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For example, what is the difference between "Will you get to know your daughter" and "Will you know your daughter"?

In what situations do you use "get to"?

  • This is a difficult question to answer, because of the different meanings of know: "be aware of a fact"; "recognise or be able to identify"; "be familiar with a person's interests and likes". The answers or different in these different cases. – Colin Fine Oct 30 '20 at 11:21
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    To 'get to know' a person means to become better acquainted with them; a rather odd expression to use of a daughter unless the parent was separated from her during her childhood. – Kate Bunting Oct 30 '20 at 11:31
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"Get to know" is a phrasal verb meaning "start to be familiar with someone or something". We have to get to know people we have never met before, or, perhaps, have not seen since childhood. To simply "know" someone can have a number of meanings, but in the future tense (e.g. "will you know someone") can mean "to recognize someone or something"

Get to know (phrase)

Know (verb)

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You use "get to" when talking about a process leading to a stage where you can say that the action of the main verb is true.

This can be in a context when you are conscious there exists a situation that hinders the process involved (here, to know someone) and that you want to make clear that you know that and that you refer to the process as conditional to that hindrance. It can also be in a context where there is no hindrance to talk about.

From OALD, 15

[intransitive] get to do something to reach the point at which you feel, know, are, etc. something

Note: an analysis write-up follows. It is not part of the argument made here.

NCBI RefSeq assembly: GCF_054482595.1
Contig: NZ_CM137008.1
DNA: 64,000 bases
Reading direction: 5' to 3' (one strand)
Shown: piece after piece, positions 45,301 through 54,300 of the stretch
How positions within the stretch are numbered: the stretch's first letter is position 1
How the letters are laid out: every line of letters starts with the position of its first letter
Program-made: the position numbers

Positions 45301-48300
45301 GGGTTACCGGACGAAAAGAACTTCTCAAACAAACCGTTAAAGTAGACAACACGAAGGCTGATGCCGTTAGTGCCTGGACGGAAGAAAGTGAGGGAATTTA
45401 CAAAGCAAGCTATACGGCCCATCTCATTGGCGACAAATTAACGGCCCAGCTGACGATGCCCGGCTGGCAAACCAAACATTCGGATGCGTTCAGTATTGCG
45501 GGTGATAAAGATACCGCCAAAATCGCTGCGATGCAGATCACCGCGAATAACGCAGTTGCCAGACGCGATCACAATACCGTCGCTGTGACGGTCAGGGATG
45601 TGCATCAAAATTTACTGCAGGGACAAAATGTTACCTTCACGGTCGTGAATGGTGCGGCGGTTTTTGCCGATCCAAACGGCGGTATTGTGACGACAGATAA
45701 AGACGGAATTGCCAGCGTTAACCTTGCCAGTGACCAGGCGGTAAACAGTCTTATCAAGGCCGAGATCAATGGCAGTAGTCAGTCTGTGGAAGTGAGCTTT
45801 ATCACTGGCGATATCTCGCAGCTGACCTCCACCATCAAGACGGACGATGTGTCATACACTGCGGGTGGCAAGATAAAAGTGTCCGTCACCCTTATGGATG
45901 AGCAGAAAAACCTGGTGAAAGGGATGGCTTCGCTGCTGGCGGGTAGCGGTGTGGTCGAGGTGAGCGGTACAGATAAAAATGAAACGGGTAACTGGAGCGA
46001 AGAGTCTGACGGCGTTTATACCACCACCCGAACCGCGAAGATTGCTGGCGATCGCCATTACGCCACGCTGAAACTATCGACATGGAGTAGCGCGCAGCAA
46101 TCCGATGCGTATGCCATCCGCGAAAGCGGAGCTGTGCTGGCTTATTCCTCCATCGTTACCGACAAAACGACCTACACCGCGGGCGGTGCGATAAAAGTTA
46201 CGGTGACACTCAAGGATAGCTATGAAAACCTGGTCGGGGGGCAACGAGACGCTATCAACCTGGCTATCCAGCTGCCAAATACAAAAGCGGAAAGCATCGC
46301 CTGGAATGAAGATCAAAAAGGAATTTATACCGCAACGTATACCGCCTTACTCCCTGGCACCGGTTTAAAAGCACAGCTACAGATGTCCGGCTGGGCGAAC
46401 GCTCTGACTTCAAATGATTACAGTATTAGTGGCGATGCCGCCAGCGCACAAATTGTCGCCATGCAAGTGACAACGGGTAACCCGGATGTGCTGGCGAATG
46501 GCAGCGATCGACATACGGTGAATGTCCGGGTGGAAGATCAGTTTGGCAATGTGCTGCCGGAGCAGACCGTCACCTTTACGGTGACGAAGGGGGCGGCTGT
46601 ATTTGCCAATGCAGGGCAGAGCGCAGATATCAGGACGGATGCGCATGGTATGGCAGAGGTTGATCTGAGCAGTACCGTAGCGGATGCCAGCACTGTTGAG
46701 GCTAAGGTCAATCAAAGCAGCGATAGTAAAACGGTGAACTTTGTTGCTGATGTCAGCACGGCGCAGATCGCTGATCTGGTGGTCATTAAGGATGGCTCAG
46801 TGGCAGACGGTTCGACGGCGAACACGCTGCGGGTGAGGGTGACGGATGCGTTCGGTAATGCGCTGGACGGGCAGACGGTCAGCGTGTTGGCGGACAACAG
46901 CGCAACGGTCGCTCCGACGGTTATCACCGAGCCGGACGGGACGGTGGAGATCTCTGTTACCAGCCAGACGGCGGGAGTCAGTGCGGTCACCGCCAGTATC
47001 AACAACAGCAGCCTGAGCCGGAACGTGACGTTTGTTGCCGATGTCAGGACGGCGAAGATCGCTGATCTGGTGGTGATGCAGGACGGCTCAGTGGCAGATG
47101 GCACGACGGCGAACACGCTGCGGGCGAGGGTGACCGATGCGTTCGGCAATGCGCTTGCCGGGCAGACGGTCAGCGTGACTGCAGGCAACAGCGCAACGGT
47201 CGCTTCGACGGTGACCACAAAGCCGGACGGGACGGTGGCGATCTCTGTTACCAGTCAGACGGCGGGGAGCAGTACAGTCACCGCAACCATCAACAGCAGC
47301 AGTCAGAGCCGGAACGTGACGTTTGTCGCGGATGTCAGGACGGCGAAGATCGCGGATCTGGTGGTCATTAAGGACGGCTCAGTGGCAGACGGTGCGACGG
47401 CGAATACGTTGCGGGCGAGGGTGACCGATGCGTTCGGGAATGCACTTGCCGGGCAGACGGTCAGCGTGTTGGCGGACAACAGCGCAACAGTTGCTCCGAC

• After a time you get to realize that these things don't matter.
  • You'll like her once you get to know her.
  • His drinking is getting to be a problem.
  • She's getting to be an old lady now.

In the first two examples the hindrance is that some time is necessary in order to learn certain things. There is no such context in the last two examples.

One more example

  • Will you get to finish your homework before we eat diner? (It seems that there is a lot of homework to be done.)
  • Will you finish your home to night or will you have to go on with your exercises tomorrow ? (It is not known how much homework has to be done.)
  • Will you finish your homework tonight or will you do that tomorrow? (It is not known what choice has been made.)
  • thanks for your answer. Can you give me some examples – faraza Oct 30 '20 at 10:55
  • @faraza I added an example and cases contrasting with its context (where "get" is more likely). – LPH Oct 30 '20 at 11:05
  • When I say, "I knew about it", the act of knowing sounds like an unhindered one, whereas, when say, "I got to know about it", it may sound that the act of knowing had one or more steps to it. – Ram Pillai Oct 30 '20 at 11:32

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